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Horticulturalists conduct research study to understand the value of biophilic design

Biophilic Design

Horticulturalists conduct research study to understand the value of biophilic design

Benholm Group aims to identify social and economic value of plants for interiors.

By Peter Fabris, Contributing Editor | May 18, 2022
Biophilic Design
Courtesy Pixabay.

Benholm Group, horticulturalists that have pioneered the use of plants for interiors over the past 27 years, are collaborating on a research study to understand the value of biophilic design, according to a news release.

The 8-week research study led by Sustainability Lead and PhD Researcher, Joyce Chan-Schoof, will examine the question of if we can apply a social and economic value to biophilic design.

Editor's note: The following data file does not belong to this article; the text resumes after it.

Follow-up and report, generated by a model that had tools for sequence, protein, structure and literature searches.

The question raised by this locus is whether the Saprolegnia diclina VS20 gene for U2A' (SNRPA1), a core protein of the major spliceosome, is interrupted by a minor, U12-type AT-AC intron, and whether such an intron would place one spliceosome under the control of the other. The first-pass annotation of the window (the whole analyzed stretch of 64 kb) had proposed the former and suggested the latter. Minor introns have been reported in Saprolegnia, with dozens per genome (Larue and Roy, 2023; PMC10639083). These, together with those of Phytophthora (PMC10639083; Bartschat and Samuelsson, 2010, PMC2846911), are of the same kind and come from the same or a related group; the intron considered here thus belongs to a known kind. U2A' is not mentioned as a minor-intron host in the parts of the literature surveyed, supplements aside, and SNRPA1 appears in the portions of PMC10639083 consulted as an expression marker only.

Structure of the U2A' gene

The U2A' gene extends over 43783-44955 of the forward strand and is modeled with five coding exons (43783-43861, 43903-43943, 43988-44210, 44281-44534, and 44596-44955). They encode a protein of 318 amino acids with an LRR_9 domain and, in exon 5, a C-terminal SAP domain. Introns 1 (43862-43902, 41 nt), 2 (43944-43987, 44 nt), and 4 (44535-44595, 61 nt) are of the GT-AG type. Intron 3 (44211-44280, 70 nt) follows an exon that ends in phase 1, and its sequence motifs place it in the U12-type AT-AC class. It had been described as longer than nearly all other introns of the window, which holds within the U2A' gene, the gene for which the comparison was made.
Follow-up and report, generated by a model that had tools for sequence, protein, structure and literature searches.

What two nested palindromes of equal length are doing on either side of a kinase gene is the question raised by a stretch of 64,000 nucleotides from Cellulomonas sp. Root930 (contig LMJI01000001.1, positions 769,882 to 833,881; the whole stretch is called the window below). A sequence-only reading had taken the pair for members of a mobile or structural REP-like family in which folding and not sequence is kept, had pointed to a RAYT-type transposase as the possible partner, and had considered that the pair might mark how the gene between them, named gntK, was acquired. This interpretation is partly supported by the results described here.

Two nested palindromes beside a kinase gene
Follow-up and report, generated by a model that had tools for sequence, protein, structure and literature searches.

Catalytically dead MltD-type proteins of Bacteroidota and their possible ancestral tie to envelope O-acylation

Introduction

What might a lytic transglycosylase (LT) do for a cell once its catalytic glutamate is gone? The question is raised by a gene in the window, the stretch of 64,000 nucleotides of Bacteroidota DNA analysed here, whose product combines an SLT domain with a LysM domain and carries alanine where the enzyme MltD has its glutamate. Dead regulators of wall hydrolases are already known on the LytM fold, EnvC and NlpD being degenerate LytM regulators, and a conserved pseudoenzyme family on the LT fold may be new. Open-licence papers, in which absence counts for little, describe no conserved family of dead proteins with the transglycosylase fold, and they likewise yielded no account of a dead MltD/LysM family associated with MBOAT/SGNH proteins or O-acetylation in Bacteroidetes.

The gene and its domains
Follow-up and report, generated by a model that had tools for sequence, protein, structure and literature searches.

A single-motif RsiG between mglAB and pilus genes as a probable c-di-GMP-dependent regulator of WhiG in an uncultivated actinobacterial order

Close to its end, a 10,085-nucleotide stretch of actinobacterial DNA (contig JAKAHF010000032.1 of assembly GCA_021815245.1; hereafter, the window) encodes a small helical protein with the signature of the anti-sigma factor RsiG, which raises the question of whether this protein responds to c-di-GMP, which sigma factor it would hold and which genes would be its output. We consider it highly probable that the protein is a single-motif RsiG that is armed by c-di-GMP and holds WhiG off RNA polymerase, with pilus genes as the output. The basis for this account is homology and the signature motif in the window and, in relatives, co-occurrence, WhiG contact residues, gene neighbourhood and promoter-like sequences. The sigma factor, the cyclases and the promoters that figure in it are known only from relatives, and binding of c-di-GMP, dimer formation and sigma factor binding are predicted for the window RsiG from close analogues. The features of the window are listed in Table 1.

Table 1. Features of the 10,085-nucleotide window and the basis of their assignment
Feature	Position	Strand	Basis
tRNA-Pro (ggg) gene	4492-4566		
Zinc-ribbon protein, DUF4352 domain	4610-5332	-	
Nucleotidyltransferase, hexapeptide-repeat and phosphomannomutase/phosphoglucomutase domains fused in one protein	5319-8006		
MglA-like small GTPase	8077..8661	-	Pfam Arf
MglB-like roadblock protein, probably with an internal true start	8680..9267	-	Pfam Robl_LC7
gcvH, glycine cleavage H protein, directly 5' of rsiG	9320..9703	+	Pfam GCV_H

“We know that a connection with nature is good for us, but what are the tangible co-benefits and how can we communicate these economic outcomes to decision-makers who create our working environments?” the release says. “Can biophilic design add value to the workplace; not only through improving air quality and aesthetics, but can it have a tangible impact on employee productivity, retention, absenteeism, satisfaction, engagements, and up-skilling?”

The plan is to have 6 participants carry out their daily work at a designated workstation in an office space at London based PLP Architecture. During the 8-week study, the environment inside the office will be changed from an average office space into a multi-sensory experience with rich, natural stimuli to the participants such as lush, green, living plantings; access to natural light and outside views; new natural décor, patterns and colors; plus sounds from nature—an immersive, biophilic “wow” space.

Researchers will measure indoor environmental quality data during the testing period, and participants will complete questionnaires after each scenario change.

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